Doctor insights on:
Blood Clot Lung Pneumonia
Not always: Pulmonary emboli (blood clots that travel to the lungs) vary greatly in size from patient to patient; some are trivial, others are rapidly fatal, and there are all sorts of outcomes in between. They are usually a serious problem and need prompt and effective treatment, and diagnosis as to where they come from, so that can also be treated. Anticoagulants ("blood thinners") are usually prescribed. ...Read more
Deoxygenated blood enters the lungs from the right side of the heart and travels to the lungs. When you inspire, oxygen flows into the lungs, transverses the capilliares and attaches to hemoglobin down a gradient. At the same time, co2 diffuses into the capilaries and is expelled with exhalation. Oxygen rich blood then flows to the left side of the heart and into the ...Read more
Yes: Newer guidelines from accp recommend long term blood thinning. Also the primary cause may be determined and this will increase your risk for them to return. Some patients require filter to be placed in the lower veins to prevent clot from reaching the lungs. Again risk factors must be determined. ...Read more
Lung Cavity Causes: Not at all! differential DX of cavitation on chest x-ray: 1 caveating pneumonia: s aureus, gram-negative bacilli (klebsiella, pseudomonas, legionella), anaerobes, mycobacteria, fungi, pneumocystis. 2 septic emboli, bacterial or fungal. 3 wegener's granulomatosis or pulmonary infarction 4 infected bullae or cysts. 5 cancer: primary or secondary. Clearly, your doctor will help sort these out. ...Read moreSee 2 more doctor answers
Tell us more details: Where is the blood clot? Is it in the leg or in the lungs? The disease process of clots is called dvt. Most times DVT occurs without a clear cause. But pateints with occult cancers can, sometimes have a blood clot. Most doctors would screen you for any cancer in your body by doing a ct scan of abdomen and a chest x-ray, besides a good physical exam. Pet scan is another good cancer screening test. ...Read more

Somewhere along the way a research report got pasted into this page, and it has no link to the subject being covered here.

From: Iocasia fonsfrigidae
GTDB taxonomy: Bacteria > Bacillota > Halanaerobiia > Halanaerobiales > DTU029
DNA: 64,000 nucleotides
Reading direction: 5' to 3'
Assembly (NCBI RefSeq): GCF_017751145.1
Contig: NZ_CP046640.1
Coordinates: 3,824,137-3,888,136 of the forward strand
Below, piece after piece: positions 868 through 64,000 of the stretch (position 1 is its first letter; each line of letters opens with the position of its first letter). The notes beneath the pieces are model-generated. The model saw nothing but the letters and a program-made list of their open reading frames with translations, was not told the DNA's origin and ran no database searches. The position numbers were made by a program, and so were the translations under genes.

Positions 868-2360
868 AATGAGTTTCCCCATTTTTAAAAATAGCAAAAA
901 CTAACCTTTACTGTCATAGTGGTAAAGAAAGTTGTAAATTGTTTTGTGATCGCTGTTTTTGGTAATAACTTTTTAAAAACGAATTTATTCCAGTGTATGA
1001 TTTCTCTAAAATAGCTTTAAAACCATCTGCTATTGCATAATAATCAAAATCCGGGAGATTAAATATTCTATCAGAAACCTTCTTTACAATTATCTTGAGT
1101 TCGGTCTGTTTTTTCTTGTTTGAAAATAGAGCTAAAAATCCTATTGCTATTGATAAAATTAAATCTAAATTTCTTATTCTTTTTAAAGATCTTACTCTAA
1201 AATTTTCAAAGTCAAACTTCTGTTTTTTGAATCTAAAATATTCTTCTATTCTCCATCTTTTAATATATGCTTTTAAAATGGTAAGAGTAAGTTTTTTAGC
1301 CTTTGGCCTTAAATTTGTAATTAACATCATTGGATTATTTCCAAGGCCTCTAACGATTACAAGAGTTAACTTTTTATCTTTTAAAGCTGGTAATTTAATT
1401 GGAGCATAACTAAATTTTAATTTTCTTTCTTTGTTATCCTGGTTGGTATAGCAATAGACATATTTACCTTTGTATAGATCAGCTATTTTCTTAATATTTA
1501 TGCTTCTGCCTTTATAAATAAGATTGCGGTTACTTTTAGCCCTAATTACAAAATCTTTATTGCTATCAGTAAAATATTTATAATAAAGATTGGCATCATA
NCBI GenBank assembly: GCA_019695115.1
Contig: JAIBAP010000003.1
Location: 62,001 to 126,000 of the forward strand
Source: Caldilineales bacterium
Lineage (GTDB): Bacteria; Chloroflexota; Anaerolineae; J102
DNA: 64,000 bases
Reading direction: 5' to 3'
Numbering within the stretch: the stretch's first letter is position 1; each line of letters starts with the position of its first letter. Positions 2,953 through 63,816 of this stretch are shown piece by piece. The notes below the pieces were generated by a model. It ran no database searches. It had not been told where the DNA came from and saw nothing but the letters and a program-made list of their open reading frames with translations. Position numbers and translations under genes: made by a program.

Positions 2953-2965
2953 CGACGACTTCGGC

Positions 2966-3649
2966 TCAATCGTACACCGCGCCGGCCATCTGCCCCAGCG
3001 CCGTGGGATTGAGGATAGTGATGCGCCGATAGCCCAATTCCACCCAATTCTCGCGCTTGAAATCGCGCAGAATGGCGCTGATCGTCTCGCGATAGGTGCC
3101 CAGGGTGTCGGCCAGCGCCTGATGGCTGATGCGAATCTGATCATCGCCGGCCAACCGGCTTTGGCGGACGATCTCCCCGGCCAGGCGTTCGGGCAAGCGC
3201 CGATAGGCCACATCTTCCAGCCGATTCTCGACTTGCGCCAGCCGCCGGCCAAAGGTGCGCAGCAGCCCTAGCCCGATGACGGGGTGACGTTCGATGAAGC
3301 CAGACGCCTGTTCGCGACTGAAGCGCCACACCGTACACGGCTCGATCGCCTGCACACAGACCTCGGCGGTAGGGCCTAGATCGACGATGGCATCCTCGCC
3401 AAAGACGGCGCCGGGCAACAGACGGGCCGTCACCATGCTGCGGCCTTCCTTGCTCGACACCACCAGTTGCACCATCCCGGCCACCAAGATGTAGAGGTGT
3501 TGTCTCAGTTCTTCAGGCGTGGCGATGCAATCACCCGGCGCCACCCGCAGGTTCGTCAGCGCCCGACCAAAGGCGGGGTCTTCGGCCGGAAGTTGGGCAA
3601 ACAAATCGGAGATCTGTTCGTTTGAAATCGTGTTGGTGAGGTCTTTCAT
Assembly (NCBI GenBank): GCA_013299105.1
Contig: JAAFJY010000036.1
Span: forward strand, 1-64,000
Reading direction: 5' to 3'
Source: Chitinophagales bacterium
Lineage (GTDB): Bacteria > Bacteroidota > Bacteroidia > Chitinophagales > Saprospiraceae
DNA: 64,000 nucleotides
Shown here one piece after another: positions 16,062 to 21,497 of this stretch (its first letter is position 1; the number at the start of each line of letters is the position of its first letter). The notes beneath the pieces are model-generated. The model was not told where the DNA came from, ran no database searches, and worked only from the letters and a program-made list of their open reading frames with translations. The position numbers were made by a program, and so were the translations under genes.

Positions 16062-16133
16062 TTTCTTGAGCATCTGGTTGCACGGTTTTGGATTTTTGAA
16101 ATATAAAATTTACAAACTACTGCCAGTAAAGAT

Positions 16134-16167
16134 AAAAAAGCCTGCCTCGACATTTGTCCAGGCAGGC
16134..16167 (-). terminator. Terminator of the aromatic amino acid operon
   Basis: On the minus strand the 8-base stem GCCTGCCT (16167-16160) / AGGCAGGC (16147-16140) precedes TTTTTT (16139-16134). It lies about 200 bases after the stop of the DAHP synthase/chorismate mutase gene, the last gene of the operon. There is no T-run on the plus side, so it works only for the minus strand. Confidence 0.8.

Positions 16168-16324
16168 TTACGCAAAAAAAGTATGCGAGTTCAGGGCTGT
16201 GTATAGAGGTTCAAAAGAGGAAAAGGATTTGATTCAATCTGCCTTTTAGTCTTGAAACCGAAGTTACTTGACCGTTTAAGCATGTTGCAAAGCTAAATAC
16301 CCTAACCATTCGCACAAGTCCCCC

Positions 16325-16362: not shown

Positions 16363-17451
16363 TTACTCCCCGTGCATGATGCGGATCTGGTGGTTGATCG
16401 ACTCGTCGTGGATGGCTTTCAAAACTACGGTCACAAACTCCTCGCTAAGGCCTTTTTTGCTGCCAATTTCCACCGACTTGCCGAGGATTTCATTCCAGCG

Can be deadly: The size of the clot dictates how dangerous it is. Very very tiny emboli may not have much clinical consequence, unless it happens frequently. A large embolus that blocks large amounts of flow to the lung can cause symptoms including shortness of breath and even cardiac arrest. Unexpected shortness of breath should always be considered an emergency and evaluated by a doctor right away! ...Read moreSee 1 more doctor answer
Can an elderly with copd, pulmonary hypertension, blood clot in leg take cough syrup for her cough?
Yes: Yes, if your doctor prescribed it for you. He/she already factored in all of your problems and medications you are currently on with any new medication recommended. ...Read more
Both are affected: Normally, in pulmonary fibrosis both lungs are affected at the tissue level. The x-ray can show one lung more affected than the other. Confusion can occur when a doctor calls an old scar pulmonary fibrosis. In these cases, there should be no further progression of the scarring. ...Read moreSee 1 more doctor answer
Can interstitial lung disease like pulmonary fibrosis and those like pulmonary fib. Be ruled out pretty good with pulse ox, CT of lungs, and chest xra?
CT angio: of the chest is usually diagnostic for pulmonary embolism. Analysis of the pleural fluid, including mycobacterium cultures would point toward tuberculosis, which otherwise may be difficult to diagnose, unless living in an endemic area. Beware that the 2 conditions may coexist, unfortunately, and having 1 does not rule out the other. ...Read more
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